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‘I don’t want my son to live in fear’ | Personal meetup with the Mecklenburg County sheriff helps ease young boy’s fear of law enforcement

Sheriff Garry McFadden says interactions like this can help build bridges and improve police and community relations

CHARLOTTE, N.C. — A Charlotte mother shared her concern about her 8-year-old son’s constant fear of law enforcement and wanted to do something about it. With the help of the staff at the Mecklenburg County Sheriff’s Office, they worked to arrange a one-on-one meeting with the sheriff and the young boy.

Lathan Foger said when he sees the news, it sparks a feeling of fear and uncertainty toward police officers.

“When I saw George Floyd and how the officer killed him and Breonna Taylor died it just scared me because they’re Black and I’m Black,” Foger said.

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His mother, Zandal Hollis, also recounts a recent visit to the mall when her son expressed those same feelings yet again.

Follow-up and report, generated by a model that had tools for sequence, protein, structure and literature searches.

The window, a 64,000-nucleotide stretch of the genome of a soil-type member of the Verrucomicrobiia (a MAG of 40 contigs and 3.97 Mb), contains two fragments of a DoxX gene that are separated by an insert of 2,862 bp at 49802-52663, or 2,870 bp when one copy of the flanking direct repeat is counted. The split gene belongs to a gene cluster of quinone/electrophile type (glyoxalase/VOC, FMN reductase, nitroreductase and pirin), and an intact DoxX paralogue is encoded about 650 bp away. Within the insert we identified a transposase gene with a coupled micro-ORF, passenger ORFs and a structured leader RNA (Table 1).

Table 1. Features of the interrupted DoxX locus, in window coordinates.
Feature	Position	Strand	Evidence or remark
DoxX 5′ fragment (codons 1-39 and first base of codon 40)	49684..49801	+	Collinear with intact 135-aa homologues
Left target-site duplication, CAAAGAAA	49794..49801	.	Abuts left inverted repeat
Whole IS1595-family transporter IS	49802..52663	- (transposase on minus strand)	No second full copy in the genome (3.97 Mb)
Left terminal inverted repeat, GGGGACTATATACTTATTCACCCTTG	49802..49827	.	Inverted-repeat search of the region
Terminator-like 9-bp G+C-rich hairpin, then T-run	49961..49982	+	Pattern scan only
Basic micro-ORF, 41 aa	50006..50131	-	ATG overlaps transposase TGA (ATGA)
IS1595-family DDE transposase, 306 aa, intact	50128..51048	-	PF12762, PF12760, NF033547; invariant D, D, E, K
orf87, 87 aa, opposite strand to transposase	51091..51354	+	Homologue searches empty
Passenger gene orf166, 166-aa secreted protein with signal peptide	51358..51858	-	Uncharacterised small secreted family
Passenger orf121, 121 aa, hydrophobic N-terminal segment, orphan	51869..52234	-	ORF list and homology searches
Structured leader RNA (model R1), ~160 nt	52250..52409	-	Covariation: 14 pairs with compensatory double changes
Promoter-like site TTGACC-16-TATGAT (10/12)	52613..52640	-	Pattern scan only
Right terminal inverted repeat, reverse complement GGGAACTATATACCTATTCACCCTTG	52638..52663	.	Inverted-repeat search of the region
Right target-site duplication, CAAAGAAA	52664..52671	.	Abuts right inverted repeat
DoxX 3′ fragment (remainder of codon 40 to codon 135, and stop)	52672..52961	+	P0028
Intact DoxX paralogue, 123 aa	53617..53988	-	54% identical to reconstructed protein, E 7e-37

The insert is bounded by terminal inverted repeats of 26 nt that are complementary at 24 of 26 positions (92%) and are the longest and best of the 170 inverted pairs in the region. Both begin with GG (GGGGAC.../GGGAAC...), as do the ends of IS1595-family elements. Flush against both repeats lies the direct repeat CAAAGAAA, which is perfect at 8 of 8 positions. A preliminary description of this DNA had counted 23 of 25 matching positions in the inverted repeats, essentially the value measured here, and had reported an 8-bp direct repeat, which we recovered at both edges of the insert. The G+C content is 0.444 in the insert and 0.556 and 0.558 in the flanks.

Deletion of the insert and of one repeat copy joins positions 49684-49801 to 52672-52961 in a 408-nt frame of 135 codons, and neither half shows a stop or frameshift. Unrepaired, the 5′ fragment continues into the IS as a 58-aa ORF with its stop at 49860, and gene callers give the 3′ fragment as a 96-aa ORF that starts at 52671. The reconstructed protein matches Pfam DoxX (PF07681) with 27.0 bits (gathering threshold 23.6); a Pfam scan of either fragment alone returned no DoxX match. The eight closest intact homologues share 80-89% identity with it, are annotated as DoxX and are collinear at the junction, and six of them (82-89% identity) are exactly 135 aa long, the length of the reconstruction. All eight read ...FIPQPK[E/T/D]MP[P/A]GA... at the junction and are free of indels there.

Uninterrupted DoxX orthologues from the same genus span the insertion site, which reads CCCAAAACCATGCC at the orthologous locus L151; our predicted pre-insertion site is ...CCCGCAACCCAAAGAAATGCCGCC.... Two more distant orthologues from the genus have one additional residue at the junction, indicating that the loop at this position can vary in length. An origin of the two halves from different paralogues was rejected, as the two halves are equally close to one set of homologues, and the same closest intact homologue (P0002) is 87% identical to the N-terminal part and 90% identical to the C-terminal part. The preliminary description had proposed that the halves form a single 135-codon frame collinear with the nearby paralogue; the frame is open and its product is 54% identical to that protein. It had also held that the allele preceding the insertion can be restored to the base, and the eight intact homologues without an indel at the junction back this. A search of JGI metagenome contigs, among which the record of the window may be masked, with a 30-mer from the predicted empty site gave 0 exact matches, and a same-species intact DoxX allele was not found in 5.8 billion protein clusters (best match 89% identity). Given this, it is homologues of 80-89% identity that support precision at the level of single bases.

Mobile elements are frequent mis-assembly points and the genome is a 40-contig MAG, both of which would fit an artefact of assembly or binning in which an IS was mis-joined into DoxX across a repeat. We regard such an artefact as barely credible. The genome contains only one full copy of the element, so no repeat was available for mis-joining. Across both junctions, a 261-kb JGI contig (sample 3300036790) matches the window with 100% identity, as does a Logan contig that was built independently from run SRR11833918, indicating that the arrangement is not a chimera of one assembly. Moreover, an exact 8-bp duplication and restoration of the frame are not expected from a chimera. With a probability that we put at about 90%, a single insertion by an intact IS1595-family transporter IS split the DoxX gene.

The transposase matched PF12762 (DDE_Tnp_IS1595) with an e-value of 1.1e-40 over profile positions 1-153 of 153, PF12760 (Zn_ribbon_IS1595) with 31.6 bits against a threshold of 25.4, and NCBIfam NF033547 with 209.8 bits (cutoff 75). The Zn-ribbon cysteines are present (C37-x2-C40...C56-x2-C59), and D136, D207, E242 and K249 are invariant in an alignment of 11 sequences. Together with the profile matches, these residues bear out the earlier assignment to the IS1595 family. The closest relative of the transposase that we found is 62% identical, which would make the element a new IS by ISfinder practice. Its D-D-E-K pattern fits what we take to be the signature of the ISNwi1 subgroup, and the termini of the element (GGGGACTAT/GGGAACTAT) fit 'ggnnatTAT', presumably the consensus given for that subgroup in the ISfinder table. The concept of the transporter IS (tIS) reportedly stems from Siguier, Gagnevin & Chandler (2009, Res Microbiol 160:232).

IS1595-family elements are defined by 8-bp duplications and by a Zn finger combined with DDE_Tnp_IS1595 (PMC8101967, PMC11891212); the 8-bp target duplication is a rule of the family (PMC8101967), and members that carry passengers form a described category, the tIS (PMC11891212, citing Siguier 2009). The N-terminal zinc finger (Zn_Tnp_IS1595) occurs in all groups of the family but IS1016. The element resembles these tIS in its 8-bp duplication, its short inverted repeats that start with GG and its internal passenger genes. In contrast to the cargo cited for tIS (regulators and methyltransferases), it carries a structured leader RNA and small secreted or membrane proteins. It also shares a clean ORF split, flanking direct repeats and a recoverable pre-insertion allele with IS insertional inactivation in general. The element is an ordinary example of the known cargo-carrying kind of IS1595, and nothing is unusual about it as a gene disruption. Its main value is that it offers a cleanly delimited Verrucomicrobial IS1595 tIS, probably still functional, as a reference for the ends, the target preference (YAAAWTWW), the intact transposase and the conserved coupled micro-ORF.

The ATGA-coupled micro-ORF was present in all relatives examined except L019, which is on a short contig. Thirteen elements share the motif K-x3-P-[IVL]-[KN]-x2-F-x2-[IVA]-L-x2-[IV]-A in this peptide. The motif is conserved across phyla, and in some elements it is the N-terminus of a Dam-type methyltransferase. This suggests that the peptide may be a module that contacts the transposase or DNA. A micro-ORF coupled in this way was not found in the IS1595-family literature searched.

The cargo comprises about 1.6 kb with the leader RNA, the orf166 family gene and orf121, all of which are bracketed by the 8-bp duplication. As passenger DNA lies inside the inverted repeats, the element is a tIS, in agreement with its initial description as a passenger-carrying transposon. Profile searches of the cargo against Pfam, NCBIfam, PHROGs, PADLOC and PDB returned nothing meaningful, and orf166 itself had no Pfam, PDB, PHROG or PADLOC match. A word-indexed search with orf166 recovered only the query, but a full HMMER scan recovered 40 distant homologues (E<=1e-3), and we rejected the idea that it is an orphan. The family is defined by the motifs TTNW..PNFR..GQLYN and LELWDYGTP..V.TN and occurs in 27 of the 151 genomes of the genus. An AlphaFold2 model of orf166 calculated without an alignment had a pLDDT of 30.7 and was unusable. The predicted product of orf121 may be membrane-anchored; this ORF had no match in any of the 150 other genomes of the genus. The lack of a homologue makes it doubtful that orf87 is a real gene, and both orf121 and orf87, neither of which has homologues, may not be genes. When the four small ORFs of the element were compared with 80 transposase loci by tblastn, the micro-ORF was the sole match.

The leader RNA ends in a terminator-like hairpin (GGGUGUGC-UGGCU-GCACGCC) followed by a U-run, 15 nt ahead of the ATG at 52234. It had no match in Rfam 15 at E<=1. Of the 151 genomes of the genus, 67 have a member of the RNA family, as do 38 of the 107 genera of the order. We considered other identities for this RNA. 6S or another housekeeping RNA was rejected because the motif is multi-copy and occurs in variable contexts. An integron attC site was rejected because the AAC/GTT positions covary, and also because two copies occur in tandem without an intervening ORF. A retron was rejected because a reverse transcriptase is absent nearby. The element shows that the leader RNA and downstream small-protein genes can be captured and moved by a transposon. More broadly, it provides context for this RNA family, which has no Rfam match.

“He saw a police officer and he hid behind me and said, ‘Mommy can you protect me?’” Hollis said.

That’s when she says she knew something had to change.

“I don’t want my son to live in fear,” Hollis said. “I want him to know law enforcement is here to protect him and he can call on them and expect that they do the right thing.”

Sheriff Garry McFadden also wanted to do the right thing and reached out to Foger personally to show him what law enforcement officers are truly all about.

“We spent about an hour together and he affectionally calls me Uncle Garry now and I consider him my nephew,” McFadden said. “We should build these bridges, instead of walls and it’s important we do this at a young age.”

Foger got a chance to meet the K-9 officers and check out the sheriff’s sporty community car.

“It was cool to me and I felt special because he took the time to cancel meetings to see and talk to me,” Foger said.

But this single meeting isn’t the only steps the Mecklenburg County Sheriff’s Office is taking in order to build community relations. They also host weekly mentoring meetings with the Boys to Men Foundation and deliver books to children to help with literacy through a partnership with Promising Pages.

It’s friendly and personable interactions like this that help make Foger and other children less fearful and much more comfortable with law enforcement.

“Next time I see an officer I can walk up to them, say hi, and not be scared,” Foger said.

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